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Study of the beehives found at Tel Rehov is being conducted with the participation of various researchers. Guy Bloch of the Silberman Institute of Life Sciences of the Hebrew University is studying the biological aspects of the finds; he already discovered parts of bees' bodies in the remains of honeycomb extracted from inside the hives. Dvori Namdar of the Weizmann Institute of Science succeeded in identifying beeswax molecules from the walls of the beehives, and Prof. The city of Rehov is indeed mentioned in an Egyptian inscription dating to the time of the Pharaoh Shoshenq I (Biblical Shishak), whom the Bible notes as the contemporary of King Solomon and who invaded Israel following that monarch's death.Mina Evron from Haifa University is analyzing the pollen remains in the hives. A particularly fascinating find at the site is an inscription on a ceramic storage jar found near the beehives that reads "To nmsh".Encompassing 14 lagoons and 8 million gallons of salt water, the habitat is home to more than 50,000 aquatic animals representing over 250 marine species.Archaeologists revealed that the first apiary (beehive colony) dating from the Biblical period has been found in excavations in Israel's Beth Shean Valley. Tel Rehov is believed to have been one of the most important cities of Israel during the Israelite monarchy.This is the earliest apiary to be revealed to date in an archaeological excavation anywhere in the ancient Near East, said Prof. Each row contained at least three tiers of hives, each of which is a cylinder composed of unbaked clay and dry straw, around 80 centimeters long and 40 centimeters in diameter.One end of the cylinder was closed and had a small hole in it, which allowed for the entry and exit of the bees.It is commonly believed that the term refers to honey produced from fruits such as dates and figs.Bees' honey, on the other hand, is mentioned explicitly only twice, both related to wild bees.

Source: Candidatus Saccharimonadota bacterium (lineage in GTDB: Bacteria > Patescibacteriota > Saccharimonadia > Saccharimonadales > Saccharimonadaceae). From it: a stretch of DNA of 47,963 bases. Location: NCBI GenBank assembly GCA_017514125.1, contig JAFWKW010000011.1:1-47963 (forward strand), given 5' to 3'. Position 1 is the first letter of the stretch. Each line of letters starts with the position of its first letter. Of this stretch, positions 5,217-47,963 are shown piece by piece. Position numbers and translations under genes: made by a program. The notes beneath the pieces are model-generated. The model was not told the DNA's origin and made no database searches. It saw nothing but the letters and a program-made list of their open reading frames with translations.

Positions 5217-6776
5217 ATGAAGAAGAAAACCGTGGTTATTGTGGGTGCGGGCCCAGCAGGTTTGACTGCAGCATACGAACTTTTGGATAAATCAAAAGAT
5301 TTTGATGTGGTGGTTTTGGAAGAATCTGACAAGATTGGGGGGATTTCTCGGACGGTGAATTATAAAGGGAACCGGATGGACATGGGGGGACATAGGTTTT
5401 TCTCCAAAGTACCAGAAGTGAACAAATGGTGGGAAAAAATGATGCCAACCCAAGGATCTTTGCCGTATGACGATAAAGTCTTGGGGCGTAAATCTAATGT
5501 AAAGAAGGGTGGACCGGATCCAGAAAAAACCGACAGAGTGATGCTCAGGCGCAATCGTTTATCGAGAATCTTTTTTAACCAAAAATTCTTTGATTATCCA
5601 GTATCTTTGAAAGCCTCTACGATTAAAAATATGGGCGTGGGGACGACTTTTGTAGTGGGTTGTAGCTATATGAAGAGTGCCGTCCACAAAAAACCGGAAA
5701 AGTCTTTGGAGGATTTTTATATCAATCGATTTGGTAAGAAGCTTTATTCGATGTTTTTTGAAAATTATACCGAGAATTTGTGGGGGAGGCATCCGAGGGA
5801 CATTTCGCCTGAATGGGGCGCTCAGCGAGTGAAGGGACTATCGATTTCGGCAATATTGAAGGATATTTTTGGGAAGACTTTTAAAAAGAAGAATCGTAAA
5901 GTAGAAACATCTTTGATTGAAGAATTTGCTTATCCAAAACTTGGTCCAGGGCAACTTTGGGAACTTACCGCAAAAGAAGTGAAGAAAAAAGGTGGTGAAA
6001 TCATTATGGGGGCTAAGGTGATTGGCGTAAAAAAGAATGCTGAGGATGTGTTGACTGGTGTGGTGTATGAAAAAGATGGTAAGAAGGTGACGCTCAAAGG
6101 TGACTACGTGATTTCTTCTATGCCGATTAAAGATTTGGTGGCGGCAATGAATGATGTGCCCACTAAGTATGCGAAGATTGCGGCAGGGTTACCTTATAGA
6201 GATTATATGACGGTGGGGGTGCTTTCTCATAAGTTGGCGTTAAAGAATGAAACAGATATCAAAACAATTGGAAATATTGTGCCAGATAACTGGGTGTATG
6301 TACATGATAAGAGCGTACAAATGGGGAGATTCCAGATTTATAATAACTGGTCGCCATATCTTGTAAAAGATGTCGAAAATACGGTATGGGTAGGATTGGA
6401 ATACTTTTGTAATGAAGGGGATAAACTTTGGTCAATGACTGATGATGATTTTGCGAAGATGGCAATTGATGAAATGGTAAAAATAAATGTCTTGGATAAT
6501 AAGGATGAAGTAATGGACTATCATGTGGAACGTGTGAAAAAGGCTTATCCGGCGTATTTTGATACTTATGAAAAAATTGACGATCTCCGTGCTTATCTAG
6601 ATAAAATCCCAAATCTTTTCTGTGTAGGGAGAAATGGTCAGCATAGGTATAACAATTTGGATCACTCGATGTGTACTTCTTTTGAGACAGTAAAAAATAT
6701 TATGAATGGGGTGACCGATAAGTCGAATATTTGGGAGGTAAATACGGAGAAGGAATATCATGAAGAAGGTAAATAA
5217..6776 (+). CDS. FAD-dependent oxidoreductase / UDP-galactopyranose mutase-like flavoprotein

Experienced beekeepers and scholars who visited the site estimated that as much as half a ton of honey could be culled each year from these hives. Mazar emphasizes the uniqueness of this latest find by pointing out that actual beehives have never been discovered at any site in the ancient Near East.
Cultic objects were also found in the apiary, including a four-horned altar adorned with figures of naked fertility goddesses, as well as an elaborately painted chalice.
This could be evidence of deviant cultic practices by the ancient Israelites related to the production of honey and beeswax. This is the time period attributed to the reign of King Solomon and the first kings of the northern Kingdom of Israel following the division of the monarchy.
Excavations by the Hebrew University of Jerusalem at near the southern wall of the Temple Mount have unearthed an impression of the royal seal of King Hezekiah (727-698 BCE). Denmark attracted international attention in 2012 when archaeological excavations revealed the bones of an entire army, whose warriors had been thrown into the bogs near the Alken Enge wetlands in ...
Scientists have new dating evidence indicating when the earliest fully modern humans arrived in the Near East, the region known as the Middle East.